Sheppard v. Liberty Mutual Insurance Company et al
ORDER & REASONS denying 186 Motion in Limine; denying as moot 187 Motion to Strike ; denying 198 Motion in Limine; denying 199 Motion in Limine; denying 201 Motion in Limine; denying as moot 208 Motion for Partial Summary Judgment; denying 211 Motion for Judicial Admission Regarding Asbestosis. Signed by Judge Sarah S. Vance on 2/2/2017. (mmm)
UNITED STATES DISTRICT COURT
EASTERN DISTRICT OF LOUISIANA
JESSE FRANK SHEPPARD
LIBERTY MUTUAL INSURANCE
COMPANY, ET AL.
SECTION “R” (3)
ORDER AND REASONS
Jesse Frank Sheppard alleges that he suffers from lung cancer caused
by asbestos exposure. He brings claims against his former employer, several
manufacturers and distributors of asbestos-containing products, and related
insurers. The parties have filed several motions, and the Court resolves seven
of them as follows.
This suit was originally filed in the Civil District Court for the Parish of
Orleans.1 Defendant Mosaic Global Holdings Inc. removed the action to this
Court on March 22, 2016. 2 In his complaint, Sheppard alleges that he was
exposed to asbestos “[o]n a daily basis” as an employee of Mosaic’s
R. Doc. 1 at 1.
predecessor company, Freeport Sulphur Company.3 This exposure allegedly
caused Sheppard to develop asbestos-related cancer, lung cancer, and/or
mesothelioma. 4 Although Sheppard stopped working for Freeport in the
early- to mid-1990s, 5 Sheppard’s asbestos-related ailments were first
diagnosed in October 2015. 6
In addition to Freeport/Mosaic, Sheppard sues several defendants
involved in the manufacture, distribution, and sale of asbestos-containing
products that Sheppard allegedly encountered in the course of his work.7
Sheppard also brings claims against insurance companies that allegedly
provided coverage to defendants for asbestos-related claims and withheld
information from Sheppard about the danger of asbestos. 8
Sheppard brings claims for “negligence, intentional tort, fraud, and
strict liability,” and alleges that all defendants are “jointly, severally, and in
R. Doc. 1-1 at 5.
Id. at 6.
Sheppard’s complaint is inconsistent on this point. Sheppard alleges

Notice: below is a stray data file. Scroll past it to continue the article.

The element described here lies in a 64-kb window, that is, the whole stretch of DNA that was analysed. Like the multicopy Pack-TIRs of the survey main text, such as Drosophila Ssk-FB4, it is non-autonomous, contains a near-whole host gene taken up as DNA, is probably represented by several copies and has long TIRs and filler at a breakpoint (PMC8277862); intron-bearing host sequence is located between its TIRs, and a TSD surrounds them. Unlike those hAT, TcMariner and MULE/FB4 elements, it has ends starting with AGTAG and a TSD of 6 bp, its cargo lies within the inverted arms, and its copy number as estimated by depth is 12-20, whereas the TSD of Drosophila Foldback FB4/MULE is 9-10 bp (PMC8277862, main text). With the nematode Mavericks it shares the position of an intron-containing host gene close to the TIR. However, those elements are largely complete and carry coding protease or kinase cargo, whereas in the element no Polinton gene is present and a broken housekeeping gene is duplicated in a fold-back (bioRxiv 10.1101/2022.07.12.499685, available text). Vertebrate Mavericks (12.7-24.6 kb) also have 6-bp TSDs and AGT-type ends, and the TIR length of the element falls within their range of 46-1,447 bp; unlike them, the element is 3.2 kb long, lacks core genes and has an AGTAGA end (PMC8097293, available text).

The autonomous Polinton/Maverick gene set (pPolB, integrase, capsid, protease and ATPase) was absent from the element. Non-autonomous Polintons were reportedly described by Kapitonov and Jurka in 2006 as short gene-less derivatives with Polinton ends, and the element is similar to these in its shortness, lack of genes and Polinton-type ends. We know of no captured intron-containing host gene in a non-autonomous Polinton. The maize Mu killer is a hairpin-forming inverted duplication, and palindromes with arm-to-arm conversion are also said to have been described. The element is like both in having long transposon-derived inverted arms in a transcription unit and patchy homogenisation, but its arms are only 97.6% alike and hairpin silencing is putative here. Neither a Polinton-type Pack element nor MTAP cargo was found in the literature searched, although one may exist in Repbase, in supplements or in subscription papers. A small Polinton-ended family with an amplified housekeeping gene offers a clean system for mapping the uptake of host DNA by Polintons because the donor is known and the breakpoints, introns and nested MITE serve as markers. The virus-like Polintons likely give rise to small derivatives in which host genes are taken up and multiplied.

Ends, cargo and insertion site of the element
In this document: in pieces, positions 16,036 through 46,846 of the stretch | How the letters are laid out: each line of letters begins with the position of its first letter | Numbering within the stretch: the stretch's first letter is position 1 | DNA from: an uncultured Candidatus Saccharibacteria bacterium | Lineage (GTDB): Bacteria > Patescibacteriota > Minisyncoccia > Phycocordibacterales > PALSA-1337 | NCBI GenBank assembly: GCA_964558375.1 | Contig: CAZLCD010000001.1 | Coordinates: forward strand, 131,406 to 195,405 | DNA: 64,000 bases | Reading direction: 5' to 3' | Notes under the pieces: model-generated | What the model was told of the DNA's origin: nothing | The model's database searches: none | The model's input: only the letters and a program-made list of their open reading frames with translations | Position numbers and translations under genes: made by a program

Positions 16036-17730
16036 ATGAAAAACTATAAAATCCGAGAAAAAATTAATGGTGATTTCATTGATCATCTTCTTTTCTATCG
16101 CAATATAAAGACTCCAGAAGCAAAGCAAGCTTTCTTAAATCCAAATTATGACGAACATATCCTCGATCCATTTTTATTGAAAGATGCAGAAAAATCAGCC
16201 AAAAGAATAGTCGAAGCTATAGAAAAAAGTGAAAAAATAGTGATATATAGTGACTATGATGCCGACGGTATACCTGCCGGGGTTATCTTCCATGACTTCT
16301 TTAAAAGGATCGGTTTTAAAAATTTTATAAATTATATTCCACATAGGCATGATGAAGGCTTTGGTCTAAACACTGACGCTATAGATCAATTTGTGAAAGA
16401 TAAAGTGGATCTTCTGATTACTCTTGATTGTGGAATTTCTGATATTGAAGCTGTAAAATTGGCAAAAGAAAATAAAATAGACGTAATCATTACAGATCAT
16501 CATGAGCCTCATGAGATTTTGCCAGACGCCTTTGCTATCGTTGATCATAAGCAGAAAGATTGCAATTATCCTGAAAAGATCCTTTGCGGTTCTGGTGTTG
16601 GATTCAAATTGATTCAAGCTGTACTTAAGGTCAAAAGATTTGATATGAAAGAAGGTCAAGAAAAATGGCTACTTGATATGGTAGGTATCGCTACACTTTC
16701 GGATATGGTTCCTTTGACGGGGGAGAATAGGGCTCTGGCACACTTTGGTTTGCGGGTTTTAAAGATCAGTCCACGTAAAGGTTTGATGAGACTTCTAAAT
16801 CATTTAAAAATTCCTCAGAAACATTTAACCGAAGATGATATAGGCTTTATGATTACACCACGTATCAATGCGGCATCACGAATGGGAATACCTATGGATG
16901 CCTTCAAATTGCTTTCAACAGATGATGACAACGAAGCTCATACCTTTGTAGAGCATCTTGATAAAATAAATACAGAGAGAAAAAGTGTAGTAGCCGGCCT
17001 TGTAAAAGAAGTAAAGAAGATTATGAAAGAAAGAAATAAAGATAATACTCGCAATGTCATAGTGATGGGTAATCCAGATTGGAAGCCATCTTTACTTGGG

variously that his tenure at Freeport, and exposure to asbestos, ran from
“approximately 1967 through 1992,” from “approximately 1967 through
1994,” and “from 1967 through 1976.” R. Doc. 1-1 at 5, 6.
R. Doc. 1-1 at 6.
Id. at 6, 7.
Id. at 3, 4, 8.
solidio liable.”9 He seeks damages for, among other things, physical and
mental pain, loss of life, loss of income, and medical expenses. 10
A. Motion to Strike Gayla McCluskey (R. Doc. 187)
Sheppard moves to strike Gayla McCluskey on the grounds that
defendant Reilly Power never offered McCluskey for deposition.
response, Reilly Power points to an email sent by its counsel to Sheppard’s
counsel on December 27, 2016. In the email, “Riley Power, Inc. offers Gayla
McCluskey for deposition by telephone at 1:00 pm EST on January 3, 2017.”11
This date is before the close of discovery,12 and plaintiffs have offered no
further briefing to suggest this dispute remains live. Accordingly, the motion
is DENIED AS MOOT.
Id. at 29.
R. Doc. 223-1 at 3.
R. Doc. 150.
B. Motion to Exclude Evidence Regarding Settlements (R.
Doc. 198) and Motion to Exclude Evidence Regarding
Collateral Sources (R. Doc. 199)
In these two motions, Sheppard argues that evidence that he settled
claims with other defendants in this case is inadmissible under Federal Rule
of Evidence 408 and that evidence of collateral sources of compensation,